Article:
Charitable trust makes £148 million gain on investments

The Shetland Charitable Trust (SCT) made a £148 million gain on their investments in the financial year to March 2021 – despite the difficulties posed by the Covid pandemic.

The return was almost £130 million more than the trust expected to make last year, having initially budgeted for just £18.4 million.

The charitable trust’s investments significantly outperformed their expectations in the latest financial year.

That left the SCT’s investment pot sitting at just over £454 million at the end of March.

SCT chairman Andrew Cooper described the boost as “outstanding”.

“To add nearly £150m to the trust in one year is outstanding by any yardstick.

“We are always conscious that it’s the longer-term return that matters and fortunes can dip just as quickly.

“But it’s reassuring for the community’s future that we have strong reserves in place to cope with the social challenges of uncertain times ahead.”


Add Your Comment
  • Ali Inkster

    • June 3rd, 2021 13:24

    As he says at the end investments can dip just as quickly as they go up.
    So maybe it would be a good idea to take a large chunk of that gain and out it into hard currency like gold.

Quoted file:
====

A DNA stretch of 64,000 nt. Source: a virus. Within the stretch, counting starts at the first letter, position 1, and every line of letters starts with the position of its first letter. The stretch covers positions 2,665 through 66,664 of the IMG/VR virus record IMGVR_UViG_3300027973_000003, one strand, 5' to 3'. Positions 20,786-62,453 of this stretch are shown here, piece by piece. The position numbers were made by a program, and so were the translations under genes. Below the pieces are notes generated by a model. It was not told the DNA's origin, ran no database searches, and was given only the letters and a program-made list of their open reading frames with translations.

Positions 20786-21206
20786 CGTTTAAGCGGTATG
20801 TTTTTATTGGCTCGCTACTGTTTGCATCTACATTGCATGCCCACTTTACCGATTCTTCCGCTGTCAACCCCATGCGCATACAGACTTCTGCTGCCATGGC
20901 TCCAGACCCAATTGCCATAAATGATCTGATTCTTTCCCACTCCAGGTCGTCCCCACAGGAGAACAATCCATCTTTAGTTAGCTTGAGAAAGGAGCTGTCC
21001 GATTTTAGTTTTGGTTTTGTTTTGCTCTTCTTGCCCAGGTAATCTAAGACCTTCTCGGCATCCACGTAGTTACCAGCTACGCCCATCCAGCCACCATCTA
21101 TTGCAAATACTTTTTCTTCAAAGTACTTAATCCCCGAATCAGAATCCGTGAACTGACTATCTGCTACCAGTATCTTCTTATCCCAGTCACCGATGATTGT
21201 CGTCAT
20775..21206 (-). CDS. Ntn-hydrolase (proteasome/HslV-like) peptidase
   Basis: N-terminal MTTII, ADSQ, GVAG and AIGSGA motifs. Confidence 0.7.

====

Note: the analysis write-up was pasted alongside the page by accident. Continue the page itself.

Its long term performance is outstanding

    • Ian Scott

      • June 4th, 2021 10:06

      dear Mr Inkster
      just for the record.Gold is not a hard currency. Gold is the same as any other commodity ,as copper or wood,traded on the financial markets in Wall street and Frankfurt.Its 50 years now since the abandonment of Bretton Woods and its subsequent results. Gold was allowed to float on the markets, and its relationship to the US doller,the Worlds Reserve currency, is determined again by the thugs of international speculators.Up until then,Gold was pegged at 50 dollars an ounce. This gave a certain stability to the World Economy. The major economies of the World have all been financialised,leaving themselves open to the whims of billionaires and scamsters.Gold might be many things but it is not a hard currency. In fact, there is no such thing as a recognised Hard Currency.The nearest you get to a hard currency that guarantees an established return are Government Bonds or Guilts. Gold might be worth investing in,an option that any Fund Manager may consider, but Gold is not even a currency,and certainly not hard


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